Trucks carrying food to thousands of civilians threatened with starvation came under fire Wednesday but safely reached Bosnia’s governmentcontrolled northwest Bihac region.
The convoy - 10 food trucks from the U.N. High Commissioner for Refugees and 10 U.N. supply trucks for peacekeepers - moved through territory controlled by an ally of the Bosnian Serb rebels, Muslim warlord Fikret Abdic.
The convoy was allowed through after the Bosnian government threatened to break a four-month ceasefire unless the food was delivered.
U.N. officer Col. Charles Lemieux said warning shots were fired over the first vehicle from positions controlled by Abdic’s forces. Nothing was hit, and no one was injured.
Another, smaller Red Cross convoy with medical supplies and food left the Croatian capital of Zagreb on Wednesday and was to arrive in Bihac today.
In Zagreb, the World Food Program reported serious malnutrition and hunger in northwest Bosnia.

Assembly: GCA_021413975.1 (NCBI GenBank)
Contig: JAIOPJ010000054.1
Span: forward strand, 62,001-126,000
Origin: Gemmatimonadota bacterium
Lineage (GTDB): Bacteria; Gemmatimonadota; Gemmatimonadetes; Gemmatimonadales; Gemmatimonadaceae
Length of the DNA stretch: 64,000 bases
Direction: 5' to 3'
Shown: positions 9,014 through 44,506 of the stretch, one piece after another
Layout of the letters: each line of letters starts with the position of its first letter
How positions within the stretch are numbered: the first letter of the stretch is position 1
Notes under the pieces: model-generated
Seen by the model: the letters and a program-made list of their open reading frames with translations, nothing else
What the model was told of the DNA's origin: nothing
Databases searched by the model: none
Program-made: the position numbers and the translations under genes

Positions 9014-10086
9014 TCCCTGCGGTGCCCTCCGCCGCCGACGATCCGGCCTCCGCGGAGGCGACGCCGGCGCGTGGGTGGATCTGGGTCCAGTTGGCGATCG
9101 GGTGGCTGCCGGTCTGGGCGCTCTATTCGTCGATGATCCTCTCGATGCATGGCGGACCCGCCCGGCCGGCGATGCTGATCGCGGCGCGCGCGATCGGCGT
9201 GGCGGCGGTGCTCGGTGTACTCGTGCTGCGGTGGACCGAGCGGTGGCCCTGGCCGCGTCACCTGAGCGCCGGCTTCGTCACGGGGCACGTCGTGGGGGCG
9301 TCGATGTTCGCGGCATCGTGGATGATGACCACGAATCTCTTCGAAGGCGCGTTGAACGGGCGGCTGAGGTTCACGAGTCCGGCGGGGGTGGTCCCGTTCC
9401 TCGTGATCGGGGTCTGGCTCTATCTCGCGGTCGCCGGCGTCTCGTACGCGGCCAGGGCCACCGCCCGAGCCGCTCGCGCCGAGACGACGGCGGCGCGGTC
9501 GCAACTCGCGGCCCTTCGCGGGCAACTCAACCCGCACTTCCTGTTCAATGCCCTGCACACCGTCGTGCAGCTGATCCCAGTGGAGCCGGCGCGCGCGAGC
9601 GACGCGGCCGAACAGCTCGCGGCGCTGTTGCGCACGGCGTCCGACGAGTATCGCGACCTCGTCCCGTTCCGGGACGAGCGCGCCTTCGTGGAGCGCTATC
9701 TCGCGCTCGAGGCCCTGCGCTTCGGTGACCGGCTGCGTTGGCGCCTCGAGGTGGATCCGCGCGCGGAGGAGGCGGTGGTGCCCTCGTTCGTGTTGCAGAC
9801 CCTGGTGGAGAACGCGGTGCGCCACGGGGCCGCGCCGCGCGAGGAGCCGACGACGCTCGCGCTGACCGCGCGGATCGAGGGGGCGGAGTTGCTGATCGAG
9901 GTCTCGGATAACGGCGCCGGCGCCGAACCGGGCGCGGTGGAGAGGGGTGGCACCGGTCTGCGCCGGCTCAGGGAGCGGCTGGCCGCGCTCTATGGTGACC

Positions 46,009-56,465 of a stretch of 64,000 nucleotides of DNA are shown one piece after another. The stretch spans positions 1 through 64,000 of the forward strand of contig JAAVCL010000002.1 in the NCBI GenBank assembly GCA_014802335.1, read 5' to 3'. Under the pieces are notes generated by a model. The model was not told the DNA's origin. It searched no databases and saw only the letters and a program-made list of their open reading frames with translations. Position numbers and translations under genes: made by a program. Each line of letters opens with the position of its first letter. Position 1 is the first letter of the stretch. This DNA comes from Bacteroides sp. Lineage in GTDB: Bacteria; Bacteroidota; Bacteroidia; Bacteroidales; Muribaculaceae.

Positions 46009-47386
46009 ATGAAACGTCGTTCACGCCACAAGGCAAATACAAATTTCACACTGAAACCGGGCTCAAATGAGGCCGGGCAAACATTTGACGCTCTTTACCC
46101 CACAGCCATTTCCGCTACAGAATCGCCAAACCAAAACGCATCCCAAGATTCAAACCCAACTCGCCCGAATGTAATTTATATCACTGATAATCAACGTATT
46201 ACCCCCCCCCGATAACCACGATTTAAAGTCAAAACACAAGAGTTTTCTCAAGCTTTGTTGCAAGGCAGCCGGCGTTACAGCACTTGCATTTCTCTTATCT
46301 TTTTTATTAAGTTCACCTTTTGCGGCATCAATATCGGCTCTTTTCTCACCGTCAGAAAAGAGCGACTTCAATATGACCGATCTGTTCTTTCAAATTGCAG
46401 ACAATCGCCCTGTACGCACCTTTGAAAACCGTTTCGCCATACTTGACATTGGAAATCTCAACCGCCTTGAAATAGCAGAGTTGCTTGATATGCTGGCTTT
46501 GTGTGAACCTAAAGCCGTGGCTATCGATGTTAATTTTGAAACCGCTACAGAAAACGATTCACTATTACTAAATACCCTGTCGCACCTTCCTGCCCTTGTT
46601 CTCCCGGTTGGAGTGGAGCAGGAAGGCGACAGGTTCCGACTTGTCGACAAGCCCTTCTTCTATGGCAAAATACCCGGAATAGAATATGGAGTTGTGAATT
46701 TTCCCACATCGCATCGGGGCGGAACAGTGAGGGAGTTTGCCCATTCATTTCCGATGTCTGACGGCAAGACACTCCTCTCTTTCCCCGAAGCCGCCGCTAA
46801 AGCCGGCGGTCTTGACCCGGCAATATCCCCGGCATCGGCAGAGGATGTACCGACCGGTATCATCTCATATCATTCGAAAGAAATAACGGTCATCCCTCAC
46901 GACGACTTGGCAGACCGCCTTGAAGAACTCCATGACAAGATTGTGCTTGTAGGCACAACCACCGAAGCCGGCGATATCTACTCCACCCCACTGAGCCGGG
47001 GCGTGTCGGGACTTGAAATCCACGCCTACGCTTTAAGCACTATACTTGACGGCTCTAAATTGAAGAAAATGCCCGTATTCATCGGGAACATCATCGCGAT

Except for the northwest, a ceasefire has kept most of Bosnia quiet since Jan. 1. Sniper attacks Tuesday and Wednesday wounded two civilians in Sarajevo, the capital.
International efforts to find a permanent end to the war continued.
A U.S. official in Washington said Britain, France, Russia, Germany and the United States have approved a plan to temporarily lift U.N. economic sanctions against neighboring Serbia if it recognizes all former Yugoslav republics.
The plan, which is to be presented later this week to Serbian President Slobodan Milosevic, aims to make the Bosnian cease-fire permanent and to prevent the war there from spilling over into Croatia. It would frustrate the Bosnian Serbs’ goal of uniting with Serbia to create a greater Serbia.